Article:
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  HOME | Brazil (Click here for more)

Gays, Transvestites Separated from Other Inmates in Brazilian Prisons

PORTO ALEGRE, Brazil – Faced with the scourge of being the country in the Americas where the most lesbians, gays, bisexuals and transvestites (LGBTs) are murdered, some Brazilian prisons have adopted measures to protect such inmates from violence by separating them from the other prisoners.

That is the case of the Central Penitentiary of the southern Brazilian city of Porto Alegre, once named the country’s worst for its overcrowded installations, but which in 2012 became the second prison in Brazil to open a cell block exclusively for gays, bisexuals and transvestites.

“It’s a way to protect human dignity and also a chance for the government to protect the rights of prisoners and their sexual orientation, and to avoid any prejudice in the way they must serve their sentences,” Public Defender Lizandro Wottrich said on the day the new cell block was inaugurated.

Brazil has the fourth largest prison population in the world after the United States, China and Russia, and according to the International Lesbian, Gay, Bisexual, Trans and Intersex Association (ILGA), was the country with the most LGBTs murdered in the Americans in 2016, with 350 slain.

The cell block for gays in Porto Alegre currently holds 28 inmates.

“Until five years ago, gays served their sentences together with other convicts, always with those who had committed sex crimes. Until then, gay prisoners suffered all kinds of physical and psychological oppression,” Fred, a spokesman for LGBT inmates, told EFE.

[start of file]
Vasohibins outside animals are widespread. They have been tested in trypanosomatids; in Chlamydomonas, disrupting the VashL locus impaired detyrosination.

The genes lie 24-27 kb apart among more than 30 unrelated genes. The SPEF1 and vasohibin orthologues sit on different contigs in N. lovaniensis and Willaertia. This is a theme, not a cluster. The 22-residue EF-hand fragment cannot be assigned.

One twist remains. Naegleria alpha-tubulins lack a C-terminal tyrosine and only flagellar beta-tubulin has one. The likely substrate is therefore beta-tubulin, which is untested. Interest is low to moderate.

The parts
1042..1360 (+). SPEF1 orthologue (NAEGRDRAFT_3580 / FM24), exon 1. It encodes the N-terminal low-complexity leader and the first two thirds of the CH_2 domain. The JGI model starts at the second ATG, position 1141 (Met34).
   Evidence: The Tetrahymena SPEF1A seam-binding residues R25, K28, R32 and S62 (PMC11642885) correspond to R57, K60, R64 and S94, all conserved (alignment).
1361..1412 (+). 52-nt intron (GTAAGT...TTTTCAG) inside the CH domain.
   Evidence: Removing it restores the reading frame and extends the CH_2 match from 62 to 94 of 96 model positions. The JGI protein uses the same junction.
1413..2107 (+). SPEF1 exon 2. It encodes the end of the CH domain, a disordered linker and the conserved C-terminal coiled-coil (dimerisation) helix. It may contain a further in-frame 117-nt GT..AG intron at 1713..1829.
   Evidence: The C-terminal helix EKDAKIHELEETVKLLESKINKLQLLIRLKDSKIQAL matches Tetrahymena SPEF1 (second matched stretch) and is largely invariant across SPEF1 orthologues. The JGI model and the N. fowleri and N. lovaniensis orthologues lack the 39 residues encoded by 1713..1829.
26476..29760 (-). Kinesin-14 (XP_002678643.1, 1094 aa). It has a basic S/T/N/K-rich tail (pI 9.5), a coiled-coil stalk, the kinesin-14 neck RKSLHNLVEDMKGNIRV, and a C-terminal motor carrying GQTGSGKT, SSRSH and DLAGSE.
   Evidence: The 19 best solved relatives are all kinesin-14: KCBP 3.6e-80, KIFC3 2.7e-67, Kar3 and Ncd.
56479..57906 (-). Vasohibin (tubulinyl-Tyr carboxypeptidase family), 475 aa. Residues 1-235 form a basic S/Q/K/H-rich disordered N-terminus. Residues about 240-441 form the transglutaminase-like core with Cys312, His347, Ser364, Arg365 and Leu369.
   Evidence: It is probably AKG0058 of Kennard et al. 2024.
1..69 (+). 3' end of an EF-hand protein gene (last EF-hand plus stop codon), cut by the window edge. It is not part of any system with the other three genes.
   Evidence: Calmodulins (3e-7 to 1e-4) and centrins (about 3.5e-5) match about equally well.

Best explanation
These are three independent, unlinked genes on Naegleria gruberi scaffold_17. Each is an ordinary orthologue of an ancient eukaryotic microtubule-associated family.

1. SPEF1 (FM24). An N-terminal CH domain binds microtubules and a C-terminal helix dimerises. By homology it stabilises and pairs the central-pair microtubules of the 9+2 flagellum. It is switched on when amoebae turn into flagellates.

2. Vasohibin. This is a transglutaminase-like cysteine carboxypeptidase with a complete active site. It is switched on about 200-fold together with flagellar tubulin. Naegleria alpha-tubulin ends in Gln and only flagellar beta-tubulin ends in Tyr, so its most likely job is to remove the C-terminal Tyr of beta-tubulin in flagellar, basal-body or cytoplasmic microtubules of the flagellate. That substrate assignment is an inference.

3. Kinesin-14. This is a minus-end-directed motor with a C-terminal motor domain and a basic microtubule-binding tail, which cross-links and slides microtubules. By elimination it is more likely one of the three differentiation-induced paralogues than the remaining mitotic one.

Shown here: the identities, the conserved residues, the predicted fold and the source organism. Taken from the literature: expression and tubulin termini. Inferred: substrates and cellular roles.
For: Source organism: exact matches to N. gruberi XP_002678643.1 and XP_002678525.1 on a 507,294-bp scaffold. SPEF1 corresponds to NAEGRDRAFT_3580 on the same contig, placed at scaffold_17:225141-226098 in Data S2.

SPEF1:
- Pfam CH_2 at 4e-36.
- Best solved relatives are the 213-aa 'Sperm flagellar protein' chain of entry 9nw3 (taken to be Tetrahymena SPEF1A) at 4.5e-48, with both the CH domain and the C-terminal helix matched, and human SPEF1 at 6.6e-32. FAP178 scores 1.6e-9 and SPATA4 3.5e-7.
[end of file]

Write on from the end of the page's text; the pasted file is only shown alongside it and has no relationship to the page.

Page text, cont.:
“We’re seen differently, and though our cell block isn’t overcrowded, at the same time we feel excluded. The other prisoners are very prejudiced, they don’t accept us,” said Anderson, a gay inmate who preferred not to reveal his last name.

Nor do they get any support or sympathy from the wives of the prisoners, Anderson said, because “they see us like their husbands’ lovers, which we’re not.”

“We’re very much discriminated against. We walk down a corridor and get insults, aggression... sometimes they cut us with knives. If on visiting day I put on makeup like a woman and the wife of a prisoner sees me and tells her husband, that becomes a reason to attack me,” he said.

But for Fred, the all-gay cell block serves to “inhibit that kind of oppression so we can serve our sentences with dignity and in peace, without suffering that kind of humiliation.”

He is convinced that “the fact that we now have our own cell block has helped us win the respect of the other cell blocks.”

 

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